Amyloid in the Lung

Misbah Baqir, Anja C. Roden, Teng Moua

Research output: Contribution to journalArticlepeer-review

1 Scopus citations


Amyloidosis is the term given to abnormal deposition of misfolded precursor proteins at single or multiple sites, leading to organ dysfunction or clinical signs and symptoms. Pulmonary manifestations are nonspecific and may be associated with several amyloid protein subtypes, commonly AL (light chain) and AA (autoimmune) amyloids. Signs or symptoms of amyloid disease may often involve more of the clinical abnormalities of other affected organs than the lungs themselves. Radiologic pulmonary findings include septal and parenchymal ground glass or nodular infiltrates, multiple nodules, cysts, and focal tracheobronchial abnormalities. Lymphadenopathy with or without calcification and pleural effusions has also been reported. Directed therapy is initiated in response to clinical signs or symptoms often as a result of systemic or secondary diseases or conditions. Long-term prognosis is more dependent on the extent of organ involvement where morbidity is often the highest in those with multisystemic disease.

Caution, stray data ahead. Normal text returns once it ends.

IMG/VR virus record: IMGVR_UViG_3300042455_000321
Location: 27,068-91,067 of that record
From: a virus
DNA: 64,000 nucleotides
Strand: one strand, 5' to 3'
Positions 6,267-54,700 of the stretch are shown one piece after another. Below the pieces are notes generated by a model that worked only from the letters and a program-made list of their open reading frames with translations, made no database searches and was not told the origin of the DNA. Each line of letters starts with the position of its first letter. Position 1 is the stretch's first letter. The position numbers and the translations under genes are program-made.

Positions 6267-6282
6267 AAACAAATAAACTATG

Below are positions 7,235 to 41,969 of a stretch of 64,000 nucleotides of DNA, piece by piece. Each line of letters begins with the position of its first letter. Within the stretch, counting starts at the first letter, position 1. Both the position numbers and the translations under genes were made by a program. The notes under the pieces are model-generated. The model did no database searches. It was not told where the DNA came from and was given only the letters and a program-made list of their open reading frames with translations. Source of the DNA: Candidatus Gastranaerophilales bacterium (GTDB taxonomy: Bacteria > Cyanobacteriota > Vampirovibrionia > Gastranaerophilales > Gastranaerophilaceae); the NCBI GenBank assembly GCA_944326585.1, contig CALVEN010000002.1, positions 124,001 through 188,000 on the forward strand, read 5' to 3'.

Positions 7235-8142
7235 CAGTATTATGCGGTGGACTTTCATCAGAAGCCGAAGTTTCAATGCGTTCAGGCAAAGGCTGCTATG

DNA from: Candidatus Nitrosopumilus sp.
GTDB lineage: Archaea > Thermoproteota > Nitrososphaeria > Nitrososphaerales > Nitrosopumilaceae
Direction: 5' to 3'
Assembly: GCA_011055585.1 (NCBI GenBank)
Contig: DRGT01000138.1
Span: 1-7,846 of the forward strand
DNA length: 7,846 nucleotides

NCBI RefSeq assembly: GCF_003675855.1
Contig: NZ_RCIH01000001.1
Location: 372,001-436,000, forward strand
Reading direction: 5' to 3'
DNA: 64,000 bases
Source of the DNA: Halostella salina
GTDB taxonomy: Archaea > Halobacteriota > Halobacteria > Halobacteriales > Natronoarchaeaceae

Original languageEnglish (US)
Pages (from-to)299-310
Number of pages12
JournalSeminars in Respiratory and Critical Care Medicine
Issue number2
StatePublished - Apr 1 2020


  • AA amyloid
  • AL amyloid
  • amyloidosis
  • tracheobronchial amyloid
  • transthyretin amyloidosis

ASJC Scopus subject areas

  • Pulmonary and Respiratory Medicine
  • Critical Care and Intensive Care Medicine


Dive into the research topics of 'Amyloid in the Lung'. Together they form a unique fingerprint.

Cite this